I was weighing whether I would leave Venezuela for a post. But that election in Brazil had so much of Venezuela in it that I shall not diverge.
Most of the "democratic" left, and of course the whole undemocratic one are in tears tonight. The awful Bolsonaro has been elected. He did not get the 60% he was threatening to get but with 55% he has, well, a mandate. However, I do not read much self criticism within the left in the rise of Bolsonaro. I will take for button its lack of condemnation to the Maduro regime. The losing Haddad never got to condemn as far as I know, costing him a couple of points at least. Bolsonaro did not lose those points.
The left should start measuring the amplitude of its failure, made the worse that it is replaced by the extreme right in Brasil. And yet the PT of Brazil can only blame itself for that stupendous defeat, where Haddad failed to rally enough people in the middle who ended up voting Bolsonaro or staying home. Let's see.
First, the crazed candidature against all odds of Lula. The guy is in jail, no matter how rigged his trial may have been. I, for one, think he got a bad rap but he has enough guilt to be at least barred from running. It is that arrogance of Lula that started the unraveling of democracy in Brazil. Or rather, it had started before (under Lula) when corruption ate most of the political class, a corruption led from the PT itself as a tool to remain in office and bring someday the Sao Paulo Forum into governance. His jail was a trigger. Now that I think of it, maybe they should have left Lula run, he probably would have been defeated any way, and, by a larger margin. Bolsonaro would have made mincemeat of him I bet
Second, there was no repentance inside the PT, only a few circumstantial words from Haddad, who committed a major mistake visiting Lula right after the first round balloting. Deaf ears at the PT.
Third, further mistakes that alienated some of the liberal right. I mean, a Communist Party running mate? Not a word to seriously condemn Maduro and promise to do something about the Venezuelan dictatorship?
And many more I would know if I really could follow closer Brazilian politics, very complicated already in normal times. But enough of Brazil.
When history books will be written what will astound more future scholars is that the arrival of leftist governments in Latin America, on the shoulders of a fight against corruption, will have turned out to be the most corrupt governments in the history of these countries, That is the case of Argentina, Brazil and Venezuela. Ecuador had some problems but Correa could do no more harm than he did because its currency is the US dollar. Bolivia curiously seems to have "normal" levels of corruption. But in Nicaragua, Suriname, and of course Cuba, corruption is also an essential reason for their failure even if they manage to hold to office.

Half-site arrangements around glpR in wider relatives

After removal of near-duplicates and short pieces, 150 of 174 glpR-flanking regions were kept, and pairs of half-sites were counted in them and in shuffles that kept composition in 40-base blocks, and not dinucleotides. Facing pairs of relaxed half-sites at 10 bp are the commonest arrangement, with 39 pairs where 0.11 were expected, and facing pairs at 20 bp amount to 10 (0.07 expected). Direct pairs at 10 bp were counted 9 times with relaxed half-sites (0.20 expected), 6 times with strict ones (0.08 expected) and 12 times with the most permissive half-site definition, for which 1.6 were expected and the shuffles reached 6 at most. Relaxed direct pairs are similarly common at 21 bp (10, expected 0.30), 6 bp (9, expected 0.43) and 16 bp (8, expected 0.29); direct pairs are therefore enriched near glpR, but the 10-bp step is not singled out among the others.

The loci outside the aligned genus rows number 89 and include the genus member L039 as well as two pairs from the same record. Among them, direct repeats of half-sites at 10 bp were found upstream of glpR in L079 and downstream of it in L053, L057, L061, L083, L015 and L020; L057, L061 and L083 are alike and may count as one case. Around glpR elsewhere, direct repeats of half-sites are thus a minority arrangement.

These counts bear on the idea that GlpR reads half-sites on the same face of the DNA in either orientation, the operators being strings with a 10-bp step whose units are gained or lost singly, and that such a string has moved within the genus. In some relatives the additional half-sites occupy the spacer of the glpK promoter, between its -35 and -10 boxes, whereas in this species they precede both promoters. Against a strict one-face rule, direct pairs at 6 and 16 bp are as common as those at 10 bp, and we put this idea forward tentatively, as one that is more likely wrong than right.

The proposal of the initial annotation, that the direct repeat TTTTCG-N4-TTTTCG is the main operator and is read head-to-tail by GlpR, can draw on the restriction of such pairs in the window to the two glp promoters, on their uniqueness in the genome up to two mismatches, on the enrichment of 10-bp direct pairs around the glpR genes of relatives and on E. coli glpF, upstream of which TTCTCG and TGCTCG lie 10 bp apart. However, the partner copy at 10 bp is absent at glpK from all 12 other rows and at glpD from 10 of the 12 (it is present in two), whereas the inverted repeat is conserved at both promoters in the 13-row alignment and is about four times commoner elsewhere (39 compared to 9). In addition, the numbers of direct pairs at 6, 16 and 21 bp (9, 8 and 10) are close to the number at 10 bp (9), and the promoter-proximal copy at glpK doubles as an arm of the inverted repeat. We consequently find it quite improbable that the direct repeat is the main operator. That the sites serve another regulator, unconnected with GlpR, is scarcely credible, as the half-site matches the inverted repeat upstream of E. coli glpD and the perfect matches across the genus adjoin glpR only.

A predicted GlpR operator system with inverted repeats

The human rights under these leftist rulers did not fare much better. Venezuela and Cuba are now regimes akin to Stalinonazism in the cruelty of their repression. In Brazil the PT could not care much about its crime rate, a violation of HR by itself. San Salvador left rulers do not do any better.
That is why tonight I am angry at that left that tried to convince me that Bolsonaro was anatema. Why would not Haddad ALSO be anathema? I wrote ALSO on purpose.
Yes, as a gay man and a feminist and a social democrat/ADLE European style I am appalled by Bolsonaro, but I am appalled by the Brazilian left which has done a lot to make Venezuela what it is today, amen of wrecking Mercosur.
The sad fact is that under Bolsonaro we will return to a past where gay rights and feminism, amongst others, were not priority. Bolsonaro will force Brazil to face to its weaknesses, to sort out what are the core values of the country. Once these values, hopefully oriented towards freedom, free press and rule of law come to pass we will be able to bring back feminism and gay rights and other luxuries of civilized societies. But as is the case today in Venezuela, our countries will need a "first is first" approach to rebuild themselves from the moral disasters the left has brought upon us, a left today unrepentant for the most part. Even those that have started criticizing are grudgingly admitting that they supported Lula and Chavez at first and refuse to condemn the ideas that marked the origins of their rule, ideas that people like me saw as fraud BEFORE they were elected. And I was then returning from the US as a Liberal!
So tonight I feel sorry for Brazil, but they had it coming. Sorry. There is always the hope that not having a majority in congress Bolsonaro may turn out to be better president than expected. But from his own character flaws I doubt that very much. Brazil has a tradition of presidents not completing their terms.....
And now back to Maduro, for the time being way worse than Bolsonaro and Haddad.